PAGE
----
Baseball Magazine

It Ain't Broke, So Break It Anyway

By Theomnipotentq @TheMightyQuinn
It Ain't Broke, So Break It AnywayAs you all know by now, MLB announced today that it is going to a format where ten teams will make the postseason in 2012, and not just eight. A wild card is being added to each league, and there will be a wild card playoff game between to the wild cards to determine who moves on to the division series.
I don't like it at all. It's an artificial money grab by MLB, and makes the regular season even less important.
My friend Adam, who has commented on my blog a few times in the past, sent me a terrific email today with why he doesn't like it. I agree with him 100%, and I'm sure many of you will too.
Why should the division-winners be rewarded and Wild Cards punished? With an unbalanced schedule, teams in weak divisions have an advantage. Last year, seven AL teams finished .500 or better. Four of those teams were in the AL East.
The Detroit Tigers won the AL Central with 95 wins last year. That seems pretty impressive until you look closer. The Cleveland Indians finished in 2nd place with an 80-82 record (.494 WP). The teams in the East and Central play 72 games in their division. That's roughly 44% of their schedule. Another 11% or so is taken up by interleague play (no two teams play the same interleague schedule). Detroit was in impressive 50-22 (.694) in their division. That's not surprising because they were the only good team in the Central. How good were they, though? The Tigers were a .500 team (45-45) against non-AL Central teams last year.

The Red Sox were on of three AL East teams to win at least 90 games last year. The East was clearly the toughest division in the AL last year. Boston finished 38-34 (.528) against their division and 52-38 (.578) against everyone else. One could make a pretty fair argument that the Sox would have won more than 95 games if they played in the AL Central like the Tigers.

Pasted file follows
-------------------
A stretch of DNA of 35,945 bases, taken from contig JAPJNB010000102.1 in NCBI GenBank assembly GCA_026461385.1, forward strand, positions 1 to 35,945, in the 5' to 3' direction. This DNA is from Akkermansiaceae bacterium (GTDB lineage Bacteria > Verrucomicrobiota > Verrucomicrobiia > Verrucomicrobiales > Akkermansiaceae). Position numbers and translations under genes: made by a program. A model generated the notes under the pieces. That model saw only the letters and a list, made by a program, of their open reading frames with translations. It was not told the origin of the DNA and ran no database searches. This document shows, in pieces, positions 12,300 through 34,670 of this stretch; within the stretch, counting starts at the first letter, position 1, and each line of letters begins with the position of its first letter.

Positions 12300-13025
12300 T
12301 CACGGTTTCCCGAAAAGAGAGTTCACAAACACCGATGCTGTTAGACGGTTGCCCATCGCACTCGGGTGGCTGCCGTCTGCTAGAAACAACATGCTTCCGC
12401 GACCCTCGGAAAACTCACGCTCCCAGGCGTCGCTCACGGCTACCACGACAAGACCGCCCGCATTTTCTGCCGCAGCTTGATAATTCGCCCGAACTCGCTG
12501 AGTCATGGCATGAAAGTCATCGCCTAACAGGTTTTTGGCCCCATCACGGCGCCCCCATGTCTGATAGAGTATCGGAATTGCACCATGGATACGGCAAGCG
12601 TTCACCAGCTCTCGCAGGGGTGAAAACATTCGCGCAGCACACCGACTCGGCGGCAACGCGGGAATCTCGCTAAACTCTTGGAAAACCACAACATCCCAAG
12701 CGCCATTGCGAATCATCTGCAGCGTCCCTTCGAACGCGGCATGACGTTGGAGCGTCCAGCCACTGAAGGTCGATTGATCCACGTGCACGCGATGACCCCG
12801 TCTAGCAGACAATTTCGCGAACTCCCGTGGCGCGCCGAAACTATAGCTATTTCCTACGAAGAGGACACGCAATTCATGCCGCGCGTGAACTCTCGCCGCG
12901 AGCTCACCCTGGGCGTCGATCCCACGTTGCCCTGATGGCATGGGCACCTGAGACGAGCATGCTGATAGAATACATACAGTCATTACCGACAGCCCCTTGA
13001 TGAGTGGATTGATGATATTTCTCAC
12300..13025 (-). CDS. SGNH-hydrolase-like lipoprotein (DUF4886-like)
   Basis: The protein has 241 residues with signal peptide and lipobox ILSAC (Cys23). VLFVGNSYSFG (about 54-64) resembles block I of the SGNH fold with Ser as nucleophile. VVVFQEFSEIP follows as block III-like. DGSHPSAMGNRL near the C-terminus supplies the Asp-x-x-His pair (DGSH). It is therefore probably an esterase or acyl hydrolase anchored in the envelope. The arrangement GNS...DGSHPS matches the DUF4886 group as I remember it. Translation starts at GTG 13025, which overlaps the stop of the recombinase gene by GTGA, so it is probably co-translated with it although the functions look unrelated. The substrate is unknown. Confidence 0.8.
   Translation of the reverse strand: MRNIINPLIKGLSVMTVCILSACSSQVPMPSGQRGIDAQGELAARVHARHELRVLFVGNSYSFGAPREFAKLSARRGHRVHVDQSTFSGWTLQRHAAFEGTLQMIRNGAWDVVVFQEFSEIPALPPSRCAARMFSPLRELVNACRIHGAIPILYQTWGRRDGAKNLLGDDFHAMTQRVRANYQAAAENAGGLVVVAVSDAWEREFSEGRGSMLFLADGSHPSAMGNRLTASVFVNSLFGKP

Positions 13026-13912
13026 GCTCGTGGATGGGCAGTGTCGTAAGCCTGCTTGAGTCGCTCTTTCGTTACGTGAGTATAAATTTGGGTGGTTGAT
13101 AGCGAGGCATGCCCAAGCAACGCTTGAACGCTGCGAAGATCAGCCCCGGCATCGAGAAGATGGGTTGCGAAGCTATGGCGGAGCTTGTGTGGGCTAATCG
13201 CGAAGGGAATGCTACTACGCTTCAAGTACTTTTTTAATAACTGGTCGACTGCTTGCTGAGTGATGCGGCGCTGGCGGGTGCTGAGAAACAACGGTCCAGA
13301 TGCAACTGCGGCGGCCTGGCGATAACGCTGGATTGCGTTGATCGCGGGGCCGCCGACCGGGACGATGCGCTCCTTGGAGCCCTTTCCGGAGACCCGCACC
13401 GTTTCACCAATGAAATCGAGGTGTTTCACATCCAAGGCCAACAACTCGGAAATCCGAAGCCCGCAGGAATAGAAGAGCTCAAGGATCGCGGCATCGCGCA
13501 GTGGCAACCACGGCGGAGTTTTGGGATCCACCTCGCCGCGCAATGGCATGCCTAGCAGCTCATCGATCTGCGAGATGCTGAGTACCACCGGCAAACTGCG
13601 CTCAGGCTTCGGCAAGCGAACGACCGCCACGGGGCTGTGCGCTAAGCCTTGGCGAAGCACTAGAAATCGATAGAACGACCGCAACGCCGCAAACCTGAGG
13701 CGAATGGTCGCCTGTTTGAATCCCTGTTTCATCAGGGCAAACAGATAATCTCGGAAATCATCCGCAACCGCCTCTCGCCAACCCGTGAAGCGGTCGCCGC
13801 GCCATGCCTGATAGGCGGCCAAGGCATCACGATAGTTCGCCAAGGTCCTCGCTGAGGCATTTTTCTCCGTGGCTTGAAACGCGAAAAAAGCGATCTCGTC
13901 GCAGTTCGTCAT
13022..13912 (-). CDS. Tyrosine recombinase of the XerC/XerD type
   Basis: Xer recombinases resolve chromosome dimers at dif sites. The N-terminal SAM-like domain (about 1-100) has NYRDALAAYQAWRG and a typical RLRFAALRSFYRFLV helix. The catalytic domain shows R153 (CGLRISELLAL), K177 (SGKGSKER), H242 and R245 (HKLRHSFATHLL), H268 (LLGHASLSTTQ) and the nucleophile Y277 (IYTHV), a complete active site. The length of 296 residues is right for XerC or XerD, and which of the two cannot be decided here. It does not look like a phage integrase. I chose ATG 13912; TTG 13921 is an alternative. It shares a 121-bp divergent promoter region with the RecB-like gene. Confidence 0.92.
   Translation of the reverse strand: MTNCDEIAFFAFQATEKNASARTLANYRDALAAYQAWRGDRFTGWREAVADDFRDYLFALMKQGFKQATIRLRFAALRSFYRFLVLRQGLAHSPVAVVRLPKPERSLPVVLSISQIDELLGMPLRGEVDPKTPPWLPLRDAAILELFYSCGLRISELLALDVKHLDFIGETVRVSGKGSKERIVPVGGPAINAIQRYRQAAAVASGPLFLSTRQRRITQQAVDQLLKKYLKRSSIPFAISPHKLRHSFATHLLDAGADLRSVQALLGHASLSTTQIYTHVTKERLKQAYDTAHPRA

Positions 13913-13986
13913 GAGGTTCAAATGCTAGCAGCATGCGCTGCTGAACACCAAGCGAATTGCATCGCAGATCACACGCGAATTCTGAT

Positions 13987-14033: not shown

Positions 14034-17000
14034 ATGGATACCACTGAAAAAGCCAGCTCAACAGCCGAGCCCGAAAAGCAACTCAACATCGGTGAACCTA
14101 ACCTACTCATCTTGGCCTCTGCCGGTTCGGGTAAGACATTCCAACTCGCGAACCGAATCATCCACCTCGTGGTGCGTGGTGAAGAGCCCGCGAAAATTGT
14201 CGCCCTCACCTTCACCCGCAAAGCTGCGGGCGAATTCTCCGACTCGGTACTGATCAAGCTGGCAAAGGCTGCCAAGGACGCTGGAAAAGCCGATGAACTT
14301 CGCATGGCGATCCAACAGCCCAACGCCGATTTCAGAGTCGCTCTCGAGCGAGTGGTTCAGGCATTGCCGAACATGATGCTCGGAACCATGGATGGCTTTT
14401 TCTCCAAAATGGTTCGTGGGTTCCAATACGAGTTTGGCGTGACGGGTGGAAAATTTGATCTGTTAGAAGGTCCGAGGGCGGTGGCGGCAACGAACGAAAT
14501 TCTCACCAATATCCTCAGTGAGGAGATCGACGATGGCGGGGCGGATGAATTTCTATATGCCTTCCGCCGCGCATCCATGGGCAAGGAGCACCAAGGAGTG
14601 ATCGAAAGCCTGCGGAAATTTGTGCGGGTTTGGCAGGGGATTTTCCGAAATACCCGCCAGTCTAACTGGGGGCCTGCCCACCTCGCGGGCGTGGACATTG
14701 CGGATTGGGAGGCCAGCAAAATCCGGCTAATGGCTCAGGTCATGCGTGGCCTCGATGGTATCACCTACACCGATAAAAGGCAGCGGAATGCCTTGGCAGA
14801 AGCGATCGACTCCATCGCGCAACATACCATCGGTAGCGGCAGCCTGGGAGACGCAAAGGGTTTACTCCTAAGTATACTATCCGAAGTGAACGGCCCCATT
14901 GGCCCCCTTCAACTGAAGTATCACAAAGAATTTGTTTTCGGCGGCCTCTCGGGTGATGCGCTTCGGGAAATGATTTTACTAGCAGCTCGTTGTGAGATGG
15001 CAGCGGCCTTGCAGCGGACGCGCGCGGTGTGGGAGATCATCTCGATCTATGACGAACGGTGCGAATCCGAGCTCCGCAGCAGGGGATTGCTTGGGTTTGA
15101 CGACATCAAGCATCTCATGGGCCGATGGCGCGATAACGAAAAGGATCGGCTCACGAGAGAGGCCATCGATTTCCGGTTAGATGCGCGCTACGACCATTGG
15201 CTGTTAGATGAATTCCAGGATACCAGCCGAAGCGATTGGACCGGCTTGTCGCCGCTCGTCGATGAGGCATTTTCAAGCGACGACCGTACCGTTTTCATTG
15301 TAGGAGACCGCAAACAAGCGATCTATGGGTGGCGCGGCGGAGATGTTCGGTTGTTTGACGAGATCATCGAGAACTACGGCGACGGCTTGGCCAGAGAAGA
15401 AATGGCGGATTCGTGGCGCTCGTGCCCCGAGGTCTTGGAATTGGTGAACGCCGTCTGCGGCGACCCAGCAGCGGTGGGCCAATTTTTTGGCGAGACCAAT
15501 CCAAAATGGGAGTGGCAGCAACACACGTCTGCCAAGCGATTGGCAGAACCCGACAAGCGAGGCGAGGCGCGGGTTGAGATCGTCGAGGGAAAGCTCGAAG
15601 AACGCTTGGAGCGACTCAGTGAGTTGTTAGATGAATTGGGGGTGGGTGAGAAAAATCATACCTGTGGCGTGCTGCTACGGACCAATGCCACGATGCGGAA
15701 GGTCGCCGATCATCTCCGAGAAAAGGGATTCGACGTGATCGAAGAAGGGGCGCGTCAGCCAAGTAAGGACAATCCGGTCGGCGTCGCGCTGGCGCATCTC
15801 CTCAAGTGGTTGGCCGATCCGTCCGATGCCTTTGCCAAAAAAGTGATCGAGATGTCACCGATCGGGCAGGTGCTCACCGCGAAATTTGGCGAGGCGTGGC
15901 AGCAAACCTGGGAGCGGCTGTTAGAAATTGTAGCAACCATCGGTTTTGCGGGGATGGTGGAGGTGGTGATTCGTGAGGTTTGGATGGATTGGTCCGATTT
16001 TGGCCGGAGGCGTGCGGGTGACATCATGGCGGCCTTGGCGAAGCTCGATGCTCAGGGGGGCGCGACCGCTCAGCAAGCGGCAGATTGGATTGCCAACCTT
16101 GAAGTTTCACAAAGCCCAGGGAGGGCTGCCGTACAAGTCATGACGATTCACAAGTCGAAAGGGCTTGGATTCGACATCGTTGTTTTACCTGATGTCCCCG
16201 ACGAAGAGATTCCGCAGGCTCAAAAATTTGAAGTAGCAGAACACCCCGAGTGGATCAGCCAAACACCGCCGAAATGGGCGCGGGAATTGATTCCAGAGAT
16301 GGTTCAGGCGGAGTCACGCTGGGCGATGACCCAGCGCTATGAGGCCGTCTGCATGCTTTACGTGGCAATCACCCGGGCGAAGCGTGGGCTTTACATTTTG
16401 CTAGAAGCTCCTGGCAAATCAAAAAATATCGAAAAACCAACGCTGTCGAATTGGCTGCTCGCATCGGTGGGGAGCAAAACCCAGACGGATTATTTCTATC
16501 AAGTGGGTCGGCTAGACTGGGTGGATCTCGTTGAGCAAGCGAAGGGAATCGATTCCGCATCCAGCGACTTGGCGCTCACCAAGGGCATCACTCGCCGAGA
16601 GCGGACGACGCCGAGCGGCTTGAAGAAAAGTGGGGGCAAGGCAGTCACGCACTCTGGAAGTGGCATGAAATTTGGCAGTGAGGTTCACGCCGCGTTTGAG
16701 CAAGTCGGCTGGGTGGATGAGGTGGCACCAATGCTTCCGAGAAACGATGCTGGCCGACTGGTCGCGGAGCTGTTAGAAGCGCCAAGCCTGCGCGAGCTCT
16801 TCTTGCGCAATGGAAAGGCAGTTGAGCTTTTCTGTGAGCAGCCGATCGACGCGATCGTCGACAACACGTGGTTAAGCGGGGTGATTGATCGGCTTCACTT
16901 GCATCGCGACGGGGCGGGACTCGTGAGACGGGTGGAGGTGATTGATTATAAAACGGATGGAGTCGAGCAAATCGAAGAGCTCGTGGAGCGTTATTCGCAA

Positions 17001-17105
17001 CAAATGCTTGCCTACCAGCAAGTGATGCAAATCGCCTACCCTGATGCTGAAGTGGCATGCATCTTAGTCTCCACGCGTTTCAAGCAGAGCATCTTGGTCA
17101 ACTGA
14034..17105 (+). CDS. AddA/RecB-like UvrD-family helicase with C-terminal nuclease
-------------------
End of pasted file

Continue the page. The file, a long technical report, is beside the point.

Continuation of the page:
The proponents of the new system are happy because it "punishes" the Wild Card teams. In my opinion, the WC was already “punished” enough because the WC team opens every playoff series on the road, no matter how many games they have won. Looking back from 1996 (1995 was a shortened season), the AL WC team almost always better than one (sometimes two) division winners. In 16 seasons, the WC was the 4th best team twice!! Only once did a WC team make the post-season with fewer than 90 wins (the 1996 Orioles: 88 wins). In 10 of 16 seasons, the WC team won 95 or more games. Over the same period, the 3rd best division winner only won 95+ games three times. Almost a third of the time (5 of 16 seasons) the worst division winning team won fewer than 90 games. Over the 16 full seasons with the WC, the AL WC team averaged close to 95 wins (94.6) while the 3rd best division winner averaged 91 wins.

The divisional system is inherently biased because there are tougher and weaker divisions. Teams playing in tougher divisions already start the season at a disadvantage. Divisions are arbitrary constructs loosely based on geography. WC teams were already at a disadvantage under the old system. Far more often than not, the AL WC has been better than at least one division-winner. The teams with the best records should get into the playoffs—and a 162-game season should only come down to a 1-game playoff as a tie-breaker. When you factor in the unbalanced schedule and how few good teams there are, the new system makes little sense. I feel that it makes the regular season meaningless to some extent.

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